Pain is Ok - My memoir

I’m standing outside the pharmacy, looking fixedly at the message my wife sent me ten minutes before, ‘she is not drinking if I breastfeed her, buy the milk powder once again.


The clock on my mobile phone screen reads 10:58 P.M


I’m short of 50 bucks to buy a box of instant formula powder.


Memories flash through my mind - me and my wife getting graduated from one of the top universities in the country, high-flying jobs, getting married, spending our honeymoon in Bali, the sudden urge to start something on our own, taking a loan from parents and bank, quitting the corporate jobs, working our asses off in the new start-up, vendors and franchisors cheating us, non-cooperative employees, new tax regime and demonetization further breaking us down, stress, depression, pregnancy, premature birth, NICU hospital expenses, a rental house with monthly grocery expenses, our car seized, loan defaulters, leaving me having 250 rupees in my pocket.


The feeling of incompetence to feed my infant was excruciating. After years of successful corporate life, how did it come down to this?


From roof-top to drainage gutter, our lives stumbled down and ransacked our peace and happiness.


Reason - We wanted to start a business on our own!


A speeding truck takes a left at the end of the road and is approaching me. I want to let go of the pain; I want my death.


Jump in front of the lorry, and it’s all done.’


A night-time kulfi seller was vending milky ice sticks to many children on the opposite platform. It looks like the children have sneaked out of the house to have these late-night delights. Three of the children are close to their teenage I guess, and they successfully jumped over the compound wall and landed safely inside the house, leaving one child outside. He was small than the rest.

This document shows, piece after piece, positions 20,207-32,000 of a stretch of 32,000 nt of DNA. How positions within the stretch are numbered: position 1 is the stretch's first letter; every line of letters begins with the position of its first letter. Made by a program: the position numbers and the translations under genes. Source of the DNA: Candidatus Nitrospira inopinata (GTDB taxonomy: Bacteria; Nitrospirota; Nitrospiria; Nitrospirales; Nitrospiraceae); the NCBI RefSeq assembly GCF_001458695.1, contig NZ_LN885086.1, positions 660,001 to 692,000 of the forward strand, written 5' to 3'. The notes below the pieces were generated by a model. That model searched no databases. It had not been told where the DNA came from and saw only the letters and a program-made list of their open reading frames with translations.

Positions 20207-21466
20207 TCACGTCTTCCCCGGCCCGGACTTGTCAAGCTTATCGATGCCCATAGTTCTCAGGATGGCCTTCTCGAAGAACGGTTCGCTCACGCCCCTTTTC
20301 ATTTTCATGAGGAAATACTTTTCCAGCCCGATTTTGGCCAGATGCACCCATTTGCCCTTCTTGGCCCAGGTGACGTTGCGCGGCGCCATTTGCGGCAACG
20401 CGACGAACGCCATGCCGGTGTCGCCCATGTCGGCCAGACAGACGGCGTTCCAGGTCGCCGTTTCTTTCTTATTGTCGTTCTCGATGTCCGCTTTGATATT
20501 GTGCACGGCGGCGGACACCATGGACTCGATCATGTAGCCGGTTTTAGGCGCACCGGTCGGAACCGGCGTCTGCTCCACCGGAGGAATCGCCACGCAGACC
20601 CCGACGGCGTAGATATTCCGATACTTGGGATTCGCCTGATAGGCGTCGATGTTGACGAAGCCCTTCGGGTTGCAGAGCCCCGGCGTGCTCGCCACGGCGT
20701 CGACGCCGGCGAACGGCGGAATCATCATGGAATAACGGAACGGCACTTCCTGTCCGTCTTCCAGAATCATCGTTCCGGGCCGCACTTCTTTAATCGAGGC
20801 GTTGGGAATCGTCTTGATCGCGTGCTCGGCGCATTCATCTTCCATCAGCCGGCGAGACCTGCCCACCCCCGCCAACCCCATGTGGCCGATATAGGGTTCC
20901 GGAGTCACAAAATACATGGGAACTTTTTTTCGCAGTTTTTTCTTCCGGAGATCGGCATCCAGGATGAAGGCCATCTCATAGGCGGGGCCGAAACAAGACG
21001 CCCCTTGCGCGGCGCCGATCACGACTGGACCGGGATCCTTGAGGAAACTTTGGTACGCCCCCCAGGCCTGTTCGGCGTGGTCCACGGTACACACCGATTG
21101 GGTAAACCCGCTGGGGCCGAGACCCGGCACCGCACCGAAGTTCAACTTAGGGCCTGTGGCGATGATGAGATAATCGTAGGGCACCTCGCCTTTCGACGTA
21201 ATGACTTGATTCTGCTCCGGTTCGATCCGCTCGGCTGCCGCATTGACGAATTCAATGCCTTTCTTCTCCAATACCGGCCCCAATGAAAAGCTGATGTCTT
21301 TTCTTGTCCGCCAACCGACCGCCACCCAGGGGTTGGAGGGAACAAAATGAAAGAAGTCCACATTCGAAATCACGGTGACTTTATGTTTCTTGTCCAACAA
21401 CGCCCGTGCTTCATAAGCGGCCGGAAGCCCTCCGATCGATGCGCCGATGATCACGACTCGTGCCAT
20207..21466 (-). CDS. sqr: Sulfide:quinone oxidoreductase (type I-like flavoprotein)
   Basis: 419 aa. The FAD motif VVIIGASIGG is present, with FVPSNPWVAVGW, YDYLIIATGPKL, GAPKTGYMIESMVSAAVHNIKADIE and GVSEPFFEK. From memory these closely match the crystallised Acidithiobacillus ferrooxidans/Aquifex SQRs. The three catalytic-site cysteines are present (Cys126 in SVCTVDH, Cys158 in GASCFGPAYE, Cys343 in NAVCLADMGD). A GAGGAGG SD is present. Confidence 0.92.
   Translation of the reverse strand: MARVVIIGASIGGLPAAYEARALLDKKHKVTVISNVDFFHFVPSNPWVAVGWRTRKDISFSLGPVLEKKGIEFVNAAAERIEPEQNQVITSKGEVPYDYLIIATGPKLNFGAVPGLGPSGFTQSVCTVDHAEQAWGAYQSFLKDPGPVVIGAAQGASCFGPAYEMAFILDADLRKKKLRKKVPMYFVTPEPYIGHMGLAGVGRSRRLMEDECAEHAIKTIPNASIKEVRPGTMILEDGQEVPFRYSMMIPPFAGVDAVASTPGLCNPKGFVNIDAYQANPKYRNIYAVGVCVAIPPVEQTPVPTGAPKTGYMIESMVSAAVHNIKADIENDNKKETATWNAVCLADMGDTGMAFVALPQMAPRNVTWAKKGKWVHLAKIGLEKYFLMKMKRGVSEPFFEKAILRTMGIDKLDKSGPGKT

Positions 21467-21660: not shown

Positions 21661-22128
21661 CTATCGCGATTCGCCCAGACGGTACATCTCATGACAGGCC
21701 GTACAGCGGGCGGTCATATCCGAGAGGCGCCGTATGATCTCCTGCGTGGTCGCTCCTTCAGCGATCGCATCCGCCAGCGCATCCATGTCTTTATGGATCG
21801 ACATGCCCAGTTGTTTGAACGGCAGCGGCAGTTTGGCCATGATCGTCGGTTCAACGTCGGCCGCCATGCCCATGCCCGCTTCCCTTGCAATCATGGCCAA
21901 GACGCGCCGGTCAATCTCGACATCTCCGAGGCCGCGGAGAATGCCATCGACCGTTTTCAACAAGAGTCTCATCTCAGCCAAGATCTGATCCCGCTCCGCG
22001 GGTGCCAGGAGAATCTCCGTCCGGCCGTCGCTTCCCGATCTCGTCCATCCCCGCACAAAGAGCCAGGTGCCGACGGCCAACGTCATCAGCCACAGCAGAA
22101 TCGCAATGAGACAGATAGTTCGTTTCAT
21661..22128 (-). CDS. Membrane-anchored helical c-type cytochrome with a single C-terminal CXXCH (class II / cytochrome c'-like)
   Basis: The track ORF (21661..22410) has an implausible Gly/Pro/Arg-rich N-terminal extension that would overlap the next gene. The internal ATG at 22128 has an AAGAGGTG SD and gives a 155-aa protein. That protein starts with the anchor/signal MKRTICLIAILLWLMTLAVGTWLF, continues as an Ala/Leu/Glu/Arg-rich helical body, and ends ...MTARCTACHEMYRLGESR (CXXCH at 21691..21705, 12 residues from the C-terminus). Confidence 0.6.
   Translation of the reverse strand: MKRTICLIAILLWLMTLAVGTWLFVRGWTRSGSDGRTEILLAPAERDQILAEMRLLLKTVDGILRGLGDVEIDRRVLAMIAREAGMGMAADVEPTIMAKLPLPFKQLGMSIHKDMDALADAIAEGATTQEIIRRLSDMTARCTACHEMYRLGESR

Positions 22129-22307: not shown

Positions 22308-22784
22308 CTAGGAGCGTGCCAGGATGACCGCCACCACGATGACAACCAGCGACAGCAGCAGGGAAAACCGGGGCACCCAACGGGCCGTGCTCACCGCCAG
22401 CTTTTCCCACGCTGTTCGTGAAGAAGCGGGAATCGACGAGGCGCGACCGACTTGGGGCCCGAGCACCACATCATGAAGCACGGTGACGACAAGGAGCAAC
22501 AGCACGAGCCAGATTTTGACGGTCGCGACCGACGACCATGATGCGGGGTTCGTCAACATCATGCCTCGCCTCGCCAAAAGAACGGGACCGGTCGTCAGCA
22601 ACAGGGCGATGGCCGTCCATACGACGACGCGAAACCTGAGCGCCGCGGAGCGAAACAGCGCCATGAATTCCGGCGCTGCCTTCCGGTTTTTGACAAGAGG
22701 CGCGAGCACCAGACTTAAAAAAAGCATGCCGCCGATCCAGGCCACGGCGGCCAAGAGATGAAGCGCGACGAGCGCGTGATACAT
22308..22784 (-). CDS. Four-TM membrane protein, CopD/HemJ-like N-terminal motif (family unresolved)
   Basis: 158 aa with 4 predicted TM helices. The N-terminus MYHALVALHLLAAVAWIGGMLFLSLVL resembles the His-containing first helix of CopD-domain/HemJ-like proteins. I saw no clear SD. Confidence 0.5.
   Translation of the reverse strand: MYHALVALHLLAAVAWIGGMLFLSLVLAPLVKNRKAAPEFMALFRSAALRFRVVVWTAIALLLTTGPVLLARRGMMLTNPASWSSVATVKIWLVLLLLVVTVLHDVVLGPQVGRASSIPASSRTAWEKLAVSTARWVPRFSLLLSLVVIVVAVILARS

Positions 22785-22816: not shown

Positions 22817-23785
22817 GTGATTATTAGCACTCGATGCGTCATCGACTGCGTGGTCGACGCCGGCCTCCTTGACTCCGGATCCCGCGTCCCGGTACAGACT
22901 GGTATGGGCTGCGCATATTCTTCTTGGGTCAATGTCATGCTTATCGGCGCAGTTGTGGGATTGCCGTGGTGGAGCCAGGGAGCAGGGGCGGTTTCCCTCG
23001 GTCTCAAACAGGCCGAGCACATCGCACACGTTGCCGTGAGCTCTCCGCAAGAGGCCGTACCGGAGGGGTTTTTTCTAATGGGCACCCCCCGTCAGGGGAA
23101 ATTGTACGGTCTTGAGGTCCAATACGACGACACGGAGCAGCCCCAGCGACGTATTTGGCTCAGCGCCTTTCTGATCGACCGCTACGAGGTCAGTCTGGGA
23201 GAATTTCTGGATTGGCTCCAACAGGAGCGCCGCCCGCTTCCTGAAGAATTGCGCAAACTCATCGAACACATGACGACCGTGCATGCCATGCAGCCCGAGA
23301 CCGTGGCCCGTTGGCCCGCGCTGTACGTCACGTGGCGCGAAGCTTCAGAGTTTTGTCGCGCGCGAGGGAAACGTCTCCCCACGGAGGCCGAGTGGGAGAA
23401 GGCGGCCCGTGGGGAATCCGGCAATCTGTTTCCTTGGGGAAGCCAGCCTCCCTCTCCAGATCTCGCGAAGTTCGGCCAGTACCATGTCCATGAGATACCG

The kulfi seller pushes away his tri-cycle and goes out of sight. The boy licking his ice candy understood his brothers, friends, or relatives ditched him and notoriously returned to their haven.


“We know you can’t climb up… you little clown. Go on. Ring the bell, let your father come out, and give you a few smacking. We shall enjoy a show tonight…!”


One of the boys yelled and giggled from inside.


The boy looked terrified. He knew he could not climb up the wall. He threw the half-licked kulfi away and tried his best to hold on to the compound wall. He tried multiple times before crashing on the ground, hurting his knees.


The lorry is just a few yards away from me; I come closer to make a dramatic fall.


The child got up, brushed away dirt from his legs and arms, stared right into my eyes as if some furious tiger was about to pounce on its prey, walked a few steps back, runs crazily before he jumped up high to get hold of that compound wall and with mighty strength he lifted himself up and in a jiffy, he sits on top of that wall.


He looked behind me as the truck passed. I missed. He winks and smiles before he jumps back into the house.


I fought my pain; I took a loan from the pharmacist to purchase the milk powder. I closed our loss-making business with a heavy heart. Attended more than a hundred interviews to land a job.


Today more than a thousand entrepreneurs look for my management consulting advice for developing their business.


Pain is Ok. Brush up your wounds and leap. Failures are worth it!

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